This incidentally also gives us a safe way to trust people. "Trust but verify". We can trust by default, accept by default and love by default. But we keep our eyes open, it isn't a blind faith.

"Beauty can be found in a naked paradox, for it is, in itself, and of itself, a thing which cannot be. And yet is."

Tuesday, 25 July 2017

Those times psychosis nearly killed me

In as much as you are able, face your own darkness and the darkness in the world without flinching
Many years ago, what feels like several lifetimes in the past (but in fact around 1994), I was mad. Going mad wasn't easy, it took a great deal of time and determination but I finally made it. My madness lasted less time than the headlong plunge and bleak freefall into its crevices, but the recovery took around six years before I felt normal. Still there isn't a day when my mind doesn't wander back to that time and the pain of it all.

My madness was a psychosis, a delusion, it left me homeless in Cambridge for months ending only with a brief stay in Beford prison (where Pilgrim's Progress was begun and I was there at the same time as Lord Brocket, jailed for insurance fraud). I wasn't imprisoned for a criminal offence, but a civil matter, perhaps the topic of a different story. Along the way my psychosis nearly killed me several times, in a manner of amusing ways, and that is the story I tell today.

The root of my psychosis was succumbing to fear and running away from life, refusing to face the increasingly difficult situation I found myself in. Almost entirely of my own making I would add, although perhaps not fully. As with all stories the true beginning stretches back well beyond the place we call the start. My dark descent was ably assisted by copious quantities of psychedelics, consumed in a sincere search for spirituality as well as escape, which made my mind more pliable and able in the end to believe the most ridiculous of things.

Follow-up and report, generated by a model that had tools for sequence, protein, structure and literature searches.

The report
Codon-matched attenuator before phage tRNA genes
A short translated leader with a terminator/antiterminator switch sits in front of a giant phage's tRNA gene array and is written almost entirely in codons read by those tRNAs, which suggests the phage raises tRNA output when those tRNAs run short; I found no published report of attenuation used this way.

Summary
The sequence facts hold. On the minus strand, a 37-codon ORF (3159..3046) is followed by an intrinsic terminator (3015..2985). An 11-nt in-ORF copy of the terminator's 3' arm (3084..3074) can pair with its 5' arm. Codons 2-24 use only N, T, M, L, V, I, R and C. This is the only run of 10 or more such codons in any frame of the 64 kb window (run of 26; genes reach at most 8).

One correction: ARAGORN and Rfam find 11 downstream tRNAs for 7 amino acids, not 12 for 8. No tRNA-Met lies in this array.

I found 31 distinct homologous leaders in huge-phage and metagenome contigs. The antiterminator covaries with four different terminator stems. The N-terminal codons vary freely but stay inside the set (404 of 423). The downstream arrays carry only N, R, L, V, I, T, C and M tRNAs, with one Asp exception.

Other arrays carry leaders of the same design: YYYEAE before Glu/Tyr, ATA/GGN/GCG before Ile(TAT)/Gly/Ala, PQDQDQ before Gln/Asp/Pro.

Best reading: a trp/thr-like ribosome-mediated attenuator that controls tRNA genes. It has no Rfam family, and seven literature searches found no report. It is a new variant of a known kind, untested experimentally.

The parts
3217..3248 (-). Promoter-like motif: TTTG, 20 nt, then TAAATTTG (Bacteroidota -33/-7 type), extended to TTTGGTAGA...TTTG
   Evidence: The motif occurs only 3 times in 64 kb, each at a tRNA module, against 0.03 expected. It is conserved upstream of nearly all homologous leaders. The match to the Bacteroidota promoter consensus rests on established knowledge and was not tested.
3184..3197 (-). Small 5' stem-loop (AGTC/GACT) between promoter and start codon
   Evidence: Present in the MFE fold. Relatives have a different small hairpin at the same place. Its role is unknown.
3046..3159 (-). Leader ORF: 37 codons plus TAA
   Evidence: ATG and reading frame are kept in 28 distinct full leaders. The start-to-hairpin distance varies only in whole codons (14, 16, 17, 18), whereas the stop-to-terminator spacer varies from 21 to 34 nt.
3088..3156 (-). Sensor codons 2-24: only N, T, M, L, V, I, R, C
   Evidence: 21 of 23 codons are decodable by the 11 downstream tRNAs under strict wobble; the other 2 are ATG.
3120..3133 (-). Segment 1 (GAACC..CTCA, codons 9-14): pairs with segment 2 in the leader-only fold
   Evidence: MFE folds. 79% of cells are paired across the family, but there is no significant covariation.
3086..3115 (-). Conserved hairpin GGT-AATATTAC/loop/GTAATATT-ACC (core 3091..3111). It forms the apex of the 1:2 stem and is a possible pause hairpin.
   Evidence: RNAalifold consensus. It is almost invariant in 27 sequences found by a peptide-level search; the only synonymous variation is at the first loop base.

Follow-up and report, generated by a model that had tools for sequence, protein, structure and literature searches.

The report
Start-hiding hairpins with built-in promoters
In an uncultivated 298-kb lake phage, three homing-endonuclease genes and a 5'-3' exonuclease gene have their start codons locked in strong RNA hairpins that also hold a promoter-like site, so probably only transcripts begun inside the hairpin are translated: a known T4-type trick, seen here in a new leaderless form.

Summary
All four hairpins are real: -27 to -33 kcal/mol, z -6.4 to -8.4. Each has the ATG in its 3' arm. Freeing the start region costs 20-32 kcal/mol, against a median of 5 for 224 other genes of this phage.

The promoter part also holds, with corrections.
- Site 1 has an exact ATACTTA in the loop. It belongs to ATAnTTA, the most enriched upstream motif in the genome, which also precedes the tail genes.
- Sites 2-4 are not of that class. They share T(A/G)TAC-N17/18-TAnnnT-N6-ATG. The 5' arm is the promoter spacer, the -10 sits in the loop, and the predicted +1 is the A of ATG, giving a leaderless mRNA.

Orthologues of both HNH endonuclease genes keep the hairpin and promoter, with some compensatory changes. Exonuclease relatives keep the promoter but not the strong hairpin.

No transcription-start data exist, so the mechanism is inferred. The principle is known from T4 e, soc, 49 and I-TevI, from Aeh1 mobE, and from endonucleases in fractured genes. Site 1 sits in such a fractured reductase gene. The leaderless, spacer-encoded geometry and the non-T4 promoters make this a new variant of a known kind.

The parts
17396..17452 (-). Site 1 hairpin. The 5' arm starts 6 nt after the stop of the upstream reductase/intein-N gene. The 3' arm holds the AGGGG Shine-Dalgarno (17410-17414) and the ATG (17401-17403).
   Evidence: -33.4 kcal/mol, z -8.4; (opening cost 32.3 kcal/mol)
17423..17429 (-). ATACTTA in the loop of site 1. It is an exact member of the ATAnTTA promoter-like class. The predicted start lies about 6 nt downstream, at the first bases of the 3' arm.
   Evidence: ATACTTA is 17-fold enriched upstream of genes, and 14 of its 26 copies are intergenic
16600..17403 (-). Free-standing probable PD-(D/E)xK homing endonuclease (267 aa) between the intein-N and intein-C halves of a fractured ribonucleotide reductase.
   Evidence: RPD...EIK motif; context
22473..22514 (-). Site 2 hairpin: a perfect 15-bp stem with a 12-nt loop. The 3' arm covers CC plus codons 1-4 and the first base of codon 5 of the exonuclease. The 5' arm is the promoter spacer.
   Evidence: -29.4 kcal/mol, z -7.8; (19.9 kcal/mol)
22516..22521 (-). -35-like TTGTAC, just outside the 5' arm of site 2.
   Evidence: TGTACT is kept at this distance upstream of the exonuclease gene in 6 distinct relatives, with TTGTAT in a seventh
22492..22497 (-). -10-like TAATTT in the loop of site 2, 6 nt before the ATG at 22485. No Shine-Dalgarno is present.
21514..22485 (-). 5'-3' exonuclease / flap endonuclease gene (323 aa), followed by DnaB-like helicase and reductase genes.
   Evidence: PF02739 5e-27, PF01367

The point at which we pick up this sad tale I was in my second year of a law degree at Corpus College Cambridge, having scraped through my first year with a "Desmond" (a 2:2). I was becoming increasingly paranoid and isolated and somehow believed that some acquaintances of mine, a buddhist priest and his young punk accomplices, were trying to steal my soul. Obviously the right way forward was not to avoid them or to seek help, but to continue to spend time with them despite no idea how nor the capacity to prevent what seemed to be happening. I was paralysed in what seemed like hell, my life slipping away from me, a passenger in my own mind and body. Desperate to break out of the cycle, on a winter evening of a college dinner, I decided that it might help if I jumped into the river Cam.